We cannot possibly appreciate our CASA volunteers enough. Our volunteers selflessly give time and seemingly endless compassion to help children in our community. Being a CASA volunteer is a difficult job full of unknown and ongoing challenges. It’s an important job, though, and volunteers change the lives of children for the better every single day.
Sometimes this isn’t easy to see. When we think of changing lives, we often think of grand, cinematic moments, of big happy endings. The real experience of making an impact on a child’s life is rarely grand or cinematic, though, and the work consists of countless small moments and individual actions that add up to something great.
During National Volunteer Month in April, I shared some of the small things CASA volunteers do for kids that make a difference and that have a big impact. They are worth repeating here.
- Our volunteers know the kids’ personalities. Being able to tap into their likes and dislikes and speak with them about these, knowing what is important for them, is vital. Really knowing them means you can better speak to their needs, but, equally important, children just simply need to feel known and heard.
- Our volunteers explain things to kids. Even if we don’t have an answer for them, just explaining to them that even though it’s confusing, we are working hard on resolving the situation. Often decisions are made and kids can feel like they are an afterthought, but letting them know what is going on and how it will affect them helps them feel there’s someone who cares what happens to them.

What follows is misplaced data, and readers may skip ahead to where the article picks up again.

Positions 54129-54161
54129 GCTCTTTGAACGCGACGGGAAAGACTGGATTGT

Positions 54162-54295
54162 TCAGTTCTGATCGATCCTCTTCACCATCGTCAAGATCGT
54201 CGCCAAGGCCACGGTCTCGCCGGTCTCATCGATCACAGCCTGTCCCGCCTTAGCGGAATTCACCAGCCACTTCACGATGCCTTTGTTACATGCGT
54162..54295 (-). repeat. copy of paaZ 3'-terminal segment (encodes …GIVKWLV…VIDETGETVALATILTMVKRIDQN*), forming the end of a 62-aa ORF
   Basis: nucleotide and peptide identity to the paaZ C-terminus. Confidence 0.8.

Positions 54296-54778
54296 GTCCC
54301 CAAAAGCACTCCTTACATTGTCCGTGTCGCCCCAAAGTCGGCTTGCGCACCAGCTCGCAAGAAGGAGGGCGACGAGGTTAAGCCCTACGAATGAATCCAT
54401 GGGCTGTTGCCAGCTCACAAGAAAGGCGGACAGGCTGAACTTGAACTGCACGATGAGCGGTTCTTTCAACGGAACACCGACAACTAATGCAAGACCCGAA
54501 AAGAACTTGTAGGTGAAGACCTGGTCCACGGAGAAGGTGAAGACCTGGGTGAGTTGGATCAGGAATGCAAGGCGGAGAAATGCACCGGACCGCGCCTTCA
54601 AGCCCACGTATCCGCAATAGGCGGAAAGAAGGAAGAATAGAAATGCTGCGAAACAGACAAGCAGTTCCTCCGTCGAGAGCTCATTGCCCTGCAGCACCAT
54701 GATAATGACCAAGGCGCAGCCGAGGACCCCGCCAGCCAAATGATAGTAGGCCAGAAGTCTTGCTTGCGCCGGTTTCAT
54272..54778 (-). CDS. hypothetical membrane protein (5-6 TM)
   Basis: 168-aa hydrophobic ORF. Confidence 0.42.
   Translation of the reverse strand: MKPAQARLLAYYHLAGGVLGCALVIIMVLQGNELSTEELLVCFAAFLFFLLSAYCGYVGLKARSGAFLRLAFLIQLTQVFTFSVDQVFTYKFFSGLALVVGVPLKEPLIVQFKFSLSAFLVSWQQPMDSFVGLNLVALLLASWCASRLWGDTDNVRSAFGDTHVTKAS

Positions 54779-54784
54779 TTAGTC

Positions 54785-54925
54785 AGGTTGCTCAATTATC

- Our volunteers are there for our kids. Our volunteers are usually the most consistent people in kids’ lives. This consistency and the bond that forms, where, no matter how many changes there are, they know you are there for them, sending the message that they’ll be okay.
- Our volunteers visit our kids regardless of where they live, even when they move around a lot, which many do. Especially when kids are moved farther away, getting out to see them as soon as possible makes sure that kids know they are not forgotten and that they matter.
- Our volunteers know their parents. Whatever the direction or outcome of the situation, CASAs have a relationship with children’s parents and that makes a big difference. Taking the time to build a relationship with their parents shows that we value where children came from and, in turn, we value a part of who they are and who is important to them.
Our CASAs work so hard to always have an unconditional positive regard for the children we advocate for. When everyone else might focus on their behavior issues, our volunteers see the whole child. It sends the message that, regardless of their behaviors, we will be there.
For all the seemingly small things they do to make children’s lives better, thank you to our CASA volunteers. We appreciate you more than you could ever know.
Melissa Protzek, Esq.